A good point. …..

“You de­lib­er­ately let them get away, Daniel!”

The old woman rubbed her hands down the stained front of her gar­den apron. It was a sum­mer morn­ing around her, flow­ers bloom­ing, birds call­ing from nearby trees. There was a misty look to the sky, a yel­low ra­di­ance near the hori­zon.

“Now, Mar­ty, it was not de­lib­er­ate,” Daniel said. He took off his porkpie hat and rubbed the bushy stub­ble of gray hair be­fore re­plac­ing the hat. “He sur­prised me. I knew he saw us but I did­n’t sus­pect he saw the net.”

“And I had such a nice planet picked out for them,” Marty said. “One of the best. A real test of their abil­i­ties.”


Ac­tu­al­ly, re-read­ing it, I see an in­ter­est­ing line I never no­ticed be­fore:


“That Mas­ter is go­ing to have trou­ble if he tries to mess with that big one,” Daniel said, snip­ping off a ground shoot from the root stock of his ros­es. “My, this is a pretty one.”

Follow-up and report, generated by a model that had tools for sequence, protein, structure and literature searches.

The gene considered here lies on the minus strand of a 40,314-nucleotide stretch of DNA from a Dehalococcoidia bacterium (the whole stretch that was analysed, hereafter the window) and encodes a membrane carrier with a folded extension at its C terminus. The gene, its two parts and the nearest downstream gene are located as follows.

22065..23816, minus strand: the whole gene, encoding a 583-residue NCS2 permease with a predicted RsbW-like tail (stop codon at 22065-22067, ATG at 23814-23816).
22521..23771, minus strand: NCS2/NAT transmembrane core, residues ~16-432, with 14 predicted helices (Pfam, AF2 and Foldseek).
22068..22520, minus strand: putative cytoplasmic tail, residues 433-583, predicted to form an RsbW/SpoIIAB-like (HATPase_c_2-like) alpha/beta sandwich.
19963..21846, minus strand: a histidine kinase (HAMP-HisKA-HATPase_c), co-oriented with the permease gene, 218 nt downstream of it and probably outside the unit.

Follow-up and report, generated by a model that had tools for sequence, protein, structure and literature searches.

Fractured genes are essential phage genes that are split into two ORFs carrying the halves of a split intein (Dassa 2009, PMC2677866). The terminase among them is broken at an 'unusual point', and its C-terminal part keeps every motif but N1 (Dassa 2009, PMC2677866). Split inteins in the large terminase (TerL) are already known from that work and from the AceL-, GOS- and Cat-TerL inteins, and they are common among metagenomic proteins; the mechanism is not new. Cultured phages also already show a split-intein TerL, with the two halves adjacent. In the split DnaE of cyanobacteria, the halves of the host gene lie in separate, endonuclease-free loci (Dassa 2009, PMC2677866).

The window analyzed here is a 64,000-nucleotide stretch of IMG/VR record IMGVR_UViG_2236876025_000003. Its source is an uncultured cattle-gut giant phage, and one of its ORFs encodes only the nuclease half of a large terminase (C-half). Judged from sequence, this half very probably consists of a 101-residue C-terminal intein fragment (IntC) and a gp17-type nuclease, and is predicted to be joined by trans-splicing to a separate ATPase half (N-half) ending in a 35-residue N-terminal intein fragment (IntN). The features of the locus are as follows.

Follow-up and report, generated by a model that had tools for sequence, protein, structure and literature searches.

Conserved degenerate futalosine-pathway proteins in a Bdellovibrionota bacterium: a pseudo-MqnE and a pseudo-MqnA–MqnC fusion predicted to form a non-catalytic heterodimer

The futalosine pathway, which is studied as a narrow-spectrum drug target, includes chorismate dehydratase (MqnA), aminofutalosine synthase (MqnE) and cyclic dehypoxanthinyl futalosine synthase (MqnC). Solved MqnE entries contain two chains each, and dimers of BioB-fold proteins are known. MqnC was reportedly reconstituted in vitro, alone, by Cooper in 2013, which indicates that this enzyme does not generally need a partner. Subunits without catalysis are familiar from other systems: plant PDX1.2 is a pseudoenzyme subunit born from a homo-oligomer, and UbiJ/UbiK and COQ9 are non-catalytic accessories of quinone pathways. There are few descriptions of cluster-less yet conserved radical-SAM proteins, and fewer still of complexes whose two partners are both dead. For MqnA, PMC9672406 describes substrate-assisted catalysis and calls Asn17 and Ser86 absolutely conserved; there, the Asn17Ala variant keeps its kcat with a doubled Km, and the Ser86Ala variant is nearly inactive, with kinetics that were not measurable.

“Men­tats, too!” Marty called. “I’d have told them. Dime a dozen, they are.”

“Dimes? I don’t think they’d have un­der­stood that, Mar­ty. The Rev­erend Moth­ers, yes, but not that big Men­tat. He did­n’t thin out that far back.”


I don’t un­der­stand what the use of ‘thin’ here means. It seems to some­how re­fer to com­pos­ite iden­ti­ties (one iden­tity be­ing thick, and thin­ning out be­ing in­cor­po­rat­ing mul­ti­ple iden­ti­ties into one, like BG Moth­ers do?).

“Zen­sun­ni. Very an­cient tech­nique. The Sis­ters use it to rid you of trauma con­nec­tions. Words that ig­nite un­con­scious re­spons­es.”

Fear re­turned.

“Murbel­la, why are you trem­bling?”

“Hon­ored Ma­tre teach­ers warned us ter­ri­ble things would hap­pen if we fell into Zen­sunni hands.”